Adherence to antihypertensive medications and cardiovascular morbidity among newly diagnosed hypertensive patients

Circulation. 2009 Oct 20;120(16):1598-605. doi: 10.1161/CIRCULATIONAHA.108.830299. Epub 2009 Oct 5.


Background: Nonadherence to antihypertensive treatment is a common problem in cardiovascular prevention and may influence prognosis. We explored predictors of adherence to antihypertensive treatment and the association of adherence with acute cardiovascular events.

Methods and results: Using data obtained from 400 Italian primary care physicians providing information to the Health Search/Thales Database, we selected 18,806 newly diagnosed hypertensive patients >or=35 years of age during the years 2000 to 2001. Subjects included were newly treated for hypertension and initially free of cardiovascular diseases. Patient adherence was subdivided a priori into 3 categories-high (proportion of days covered, >or=80%), intermediate (proportion of days covered, 40% to 79%), and low (proportion of days covered, <or=40%)-and compared with the long-term occurrence of acute cardiovascular events through the use of multivariable models adjusted for demographic factors, comorbidities, and concomitant drug use. At baseline (ie, 6 months after index diagnosis), 8.1%, 40.5%, and 51.4% of patients were classified as having high, intermediate, and low adherence levels, respectively. Multiple drug treatment (odds ratio, 1.62; 95% CI, 1.43 to 1.83), dyslipidemia (odds ratio, 1.52; 95% CI, 1.24 to 1.87), diabetes mellitus (odds ratio, 1.40; 95% CI, 1.15 to 1.71), obesity (odds ratio, 1.50; 95% CI, 1.26 to 1.78), and antihypertensive combination therapy (odds ratio, 1.29; 95% CI, 1.15 to 1.45) were significantly (P<0.001) associated with high adherence to antihypertensive treatment. Compared with their low-adherence counterparts, only high adherers reported a significantly decreased risk of acute cardiovascular events (hazard ratio, 0.62; 95% CI, 0.40 to 0.96; P=0.032).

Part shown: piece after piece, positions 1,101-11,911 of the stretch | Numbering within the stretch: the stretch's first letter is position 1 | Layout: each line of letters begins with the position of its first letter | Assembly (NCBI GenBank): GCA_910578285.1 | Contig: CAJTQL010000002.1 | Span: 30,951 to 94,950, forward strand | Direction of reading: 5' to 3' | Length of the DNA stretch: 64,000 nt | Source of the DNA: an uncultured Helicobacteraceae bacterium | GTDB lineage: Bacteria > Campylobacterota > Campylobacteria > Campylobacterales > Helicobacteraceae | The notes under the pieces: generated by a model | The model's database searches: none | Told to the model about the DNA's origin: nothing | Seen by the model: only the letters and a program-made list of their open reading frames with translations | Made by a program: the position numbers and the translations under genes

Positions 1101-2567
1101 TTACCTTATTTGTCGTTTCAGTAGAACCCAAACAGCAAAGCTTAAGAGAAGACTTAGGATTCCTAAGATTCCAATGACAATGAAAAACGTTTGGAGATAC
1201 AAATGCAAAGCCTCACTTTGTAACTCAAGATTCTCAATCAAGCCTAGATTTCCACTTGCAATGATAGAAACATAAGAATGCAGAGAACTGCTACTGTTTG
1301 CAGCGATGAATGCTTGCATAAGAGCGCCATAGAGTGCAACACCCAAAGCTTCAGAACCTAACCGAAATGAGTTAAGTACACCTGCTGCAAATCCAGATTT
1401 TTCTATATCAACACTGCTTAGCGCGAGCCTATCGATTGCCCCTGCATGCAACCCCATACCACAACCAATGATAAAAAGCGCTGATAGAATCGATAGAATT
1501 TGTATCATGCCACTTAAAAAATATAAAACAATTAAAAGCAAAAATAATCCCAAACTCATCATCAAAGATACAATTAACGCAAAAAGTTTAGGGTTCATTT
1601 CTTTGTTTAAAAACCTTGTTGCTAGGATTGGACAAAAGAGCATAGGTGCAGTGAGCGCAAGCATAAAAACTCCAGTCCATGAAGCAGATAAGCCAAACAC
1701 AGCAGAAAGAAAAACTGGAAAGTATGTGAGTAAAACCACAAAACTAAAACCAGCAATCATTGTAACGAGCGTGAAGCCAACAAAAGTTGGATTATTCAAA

Conclusions: The long-term reduction of acute cardiovascular events associated with high adherence to antihypertensive treatment underscores its importance in assessments of the beneficial effects of evidence-based therapies in the population. An effort focused on early antihypertensive treatment initiation and adherence is likely to provide major benefits.

Publication types

  • Comparative Study
  • Research Support, Non-U.S. Gov't

MeSH terms

  • Aged
  • Antihypertensive Agents / therapeutic use*
  • Cardiovascular Diseases / epidemiology
  • Cardiovascular Diseases / etiology
  • Cardiovascular Diseases / prevention & control*
  • Cohort Studies
  • Databases, Factual
  • Diabetes Complications
  • Drug Therapy, Combination
  • Dyslipidemias / complications
  • Female
  • Humans
  • Hypertension / complications
  • Hypertension / drug therapy*
  • Hypertension / psychology*
  • Incidence
  • Male
  • Middle Aged
  • Obesity / complications
  • Patient Compliance*


  • Antihypertensive Agents